Brethren, let us quickly fast forward to the family established by Prophet Ibrahim, a family of faith, piety and perseverance. He was the patriarch, not a masculinist. Sarah was the wife, the extremely contented and humble mother of Ishaq, from whose womb the Jews emerged. Hajar was also the other wife, mother of Ismail from whose womb Ismail emerged. Prophet Ibrahim’s family featured a man, two women and two sons all of whom were individually destined to impact human history in extremely dissimilar and similar ways.

In other words, every action of these characters, while they were on earth, was destined to be a signifier. They were all involved in creating history without actually knowing it; they ‘transacted’ spiritual-mundane businesses which eventually became models till eternity.

For example dear brethren, Prophet Ibrahim dreamt he offered his son, Prophet Ismail, as sacrifice to the Almighty. He proceeded to inform him of what he saw and the latter, without hesitation, encouraged his father to carry out the divine inspiration without prevarication. Why was Prophet Ibrahim blessed with such a child who was ready to travel with him in the wilderness of spirituality? Why was he blessed with such a faithful child? My teachers suggested it was pay-back-time for him. Yes. Prophet Ibrahim was equally dutiful to his parents; the Almighty therefore would not and could not have blessed him with another son other than a lovely and dutiful one. My brother where and how is your father today? Pause a moment and ask yourself: where and how is your mama now?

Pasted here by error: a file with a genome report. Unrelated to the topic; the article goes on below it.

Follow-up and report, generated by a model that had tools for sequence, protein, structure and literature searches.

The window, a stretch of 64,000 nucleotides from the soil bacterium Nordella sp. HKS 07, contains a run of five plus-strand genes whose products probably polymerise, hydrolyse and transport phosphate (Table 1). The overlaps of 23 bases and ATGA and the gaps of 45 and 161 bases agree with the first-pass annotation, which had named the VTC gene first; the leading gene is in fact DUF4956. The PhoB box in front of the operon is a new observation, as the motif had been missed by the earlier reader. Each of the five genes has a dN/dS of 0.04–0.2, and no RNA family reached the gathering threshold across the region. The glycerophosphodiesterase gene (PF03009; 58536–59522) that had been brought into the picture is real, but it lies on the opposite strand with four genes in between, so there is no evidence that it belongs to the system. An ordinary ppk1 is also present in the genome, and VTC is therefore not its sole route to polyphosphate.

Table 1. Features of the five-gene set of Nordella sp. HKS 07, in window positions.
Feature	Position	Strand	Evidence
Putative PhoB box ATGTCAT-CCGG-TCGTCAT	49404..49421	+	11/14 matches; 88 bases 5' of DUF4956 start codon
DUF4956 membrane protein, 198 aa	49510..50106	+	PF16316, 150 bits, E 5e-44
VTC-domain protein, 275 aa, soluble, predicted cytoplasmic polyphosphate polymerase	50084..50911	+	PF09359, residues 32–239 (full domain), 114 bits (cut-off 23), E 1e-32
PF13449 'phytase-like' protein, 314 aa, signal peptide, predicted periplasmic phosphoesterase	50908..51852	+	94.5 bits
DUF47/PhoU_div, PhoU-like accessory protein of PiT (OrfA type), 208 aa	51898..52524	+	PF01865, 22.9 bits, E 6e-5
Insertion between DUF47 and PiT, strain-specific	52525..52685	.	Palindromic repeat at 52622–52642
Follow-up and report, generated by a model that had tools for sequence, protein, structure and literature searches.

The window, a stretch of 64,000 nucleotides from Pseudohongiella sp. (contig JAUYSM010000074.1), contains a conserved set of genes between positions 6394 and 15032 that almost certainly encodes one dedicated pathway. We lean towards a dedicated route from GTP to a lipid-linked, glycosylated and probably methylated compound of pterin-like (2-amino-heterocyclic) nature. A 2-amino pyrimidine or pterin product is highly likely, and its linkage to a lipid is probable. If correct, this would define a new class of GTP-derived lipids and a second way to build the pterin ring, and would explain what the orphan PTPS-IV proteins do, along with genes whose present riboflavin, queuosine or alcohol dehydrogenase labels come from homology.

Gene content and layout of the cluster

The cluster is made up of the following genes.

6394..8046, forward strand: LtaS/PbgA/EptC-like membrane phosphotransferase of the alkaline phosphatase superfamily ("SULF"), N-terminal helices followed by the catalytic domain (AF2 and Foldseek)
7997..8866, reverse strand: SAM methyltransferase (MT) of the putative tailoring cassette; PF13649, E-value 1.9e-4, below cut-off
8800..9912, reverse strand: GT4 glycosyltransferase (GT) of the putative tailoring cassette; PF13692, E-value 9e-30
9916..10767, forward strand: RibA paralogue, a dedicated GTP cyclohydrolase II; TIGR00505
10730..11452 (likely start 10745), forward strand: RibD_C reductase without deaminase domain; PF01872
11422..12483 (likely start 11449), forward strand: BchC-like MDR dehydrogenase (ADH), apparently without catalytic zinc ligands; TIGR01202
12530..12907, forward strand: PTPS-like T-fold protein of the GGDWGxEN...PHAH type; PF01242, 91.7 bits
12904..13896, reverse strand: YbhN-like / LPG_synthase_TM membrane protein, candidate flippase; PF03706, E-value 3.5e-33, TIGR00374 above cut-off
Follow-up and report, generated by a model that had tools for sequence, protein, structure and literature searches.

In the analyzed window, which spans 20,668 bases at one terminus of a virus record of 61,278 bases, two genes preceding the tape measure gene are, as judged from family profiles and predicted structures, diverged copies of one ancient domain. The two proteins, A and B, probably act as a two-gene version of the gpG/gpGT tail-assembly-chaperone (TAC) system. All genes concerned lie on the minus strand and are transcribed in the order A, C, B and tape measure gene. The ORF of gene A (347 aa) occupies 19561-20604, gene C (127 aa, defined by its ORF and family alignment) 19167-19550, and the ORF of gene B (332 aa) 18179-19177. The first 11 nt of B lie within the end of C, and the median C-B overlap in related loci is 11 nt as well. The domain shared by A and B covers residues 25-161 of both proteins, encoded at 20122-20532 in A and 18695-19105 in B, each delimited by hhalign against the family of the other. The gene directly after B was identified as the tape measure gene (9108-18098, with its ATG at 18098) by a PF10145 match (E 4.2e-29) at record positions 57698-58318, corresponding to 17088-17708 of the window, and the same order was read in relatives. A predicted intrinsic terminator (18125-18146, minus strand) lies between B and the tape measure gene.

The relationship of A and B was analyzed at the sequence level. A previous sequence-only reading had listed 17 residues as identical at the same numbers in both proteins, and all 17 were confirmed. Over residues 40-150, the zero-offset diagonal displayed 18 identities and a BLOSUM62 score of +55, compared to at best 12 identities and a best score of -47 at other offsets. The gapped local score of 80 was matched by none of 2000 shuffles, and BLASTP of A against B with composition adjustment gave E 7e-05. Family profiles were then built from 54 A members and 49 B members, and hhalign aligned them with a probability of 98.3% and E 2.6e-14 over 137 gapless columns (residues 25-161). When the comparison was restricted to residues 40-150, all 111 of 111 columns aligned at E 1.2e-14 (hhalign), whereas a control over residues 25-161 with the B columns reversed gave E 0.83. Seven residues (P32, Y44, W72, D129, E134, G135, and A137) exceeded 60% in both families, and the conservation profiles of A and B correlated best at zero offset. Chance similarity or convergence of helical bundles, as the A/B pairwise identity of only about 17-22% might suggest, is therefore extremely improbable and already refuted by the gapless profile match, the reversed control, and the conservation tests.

Thus in that lonely desert that day, father and son got together to do what the father deemed to be the bidding of the Almighty. He wanted to sacrifice his son; the son wanted to offer himself to the Almighty. Father desired to please the Almighty; the son wanted to curry the favour of the owner of the heavens and earth. Meanwhile, the mother of the son, Hajar, occupied a lonely space. In silence, she bore the pain of the inevitable loss of her son. In silence, she opened up her hearts to the Almighty. Ismail, was the only fruit of her womb. She had hoped he would be alive to take care of her tomb. But there she was all alone as she submitted her desires and aspirations to the Almighty, the owner of her womb and tomb. She knew He was there watching over her son as he went through the most painful experience in submission and devotion.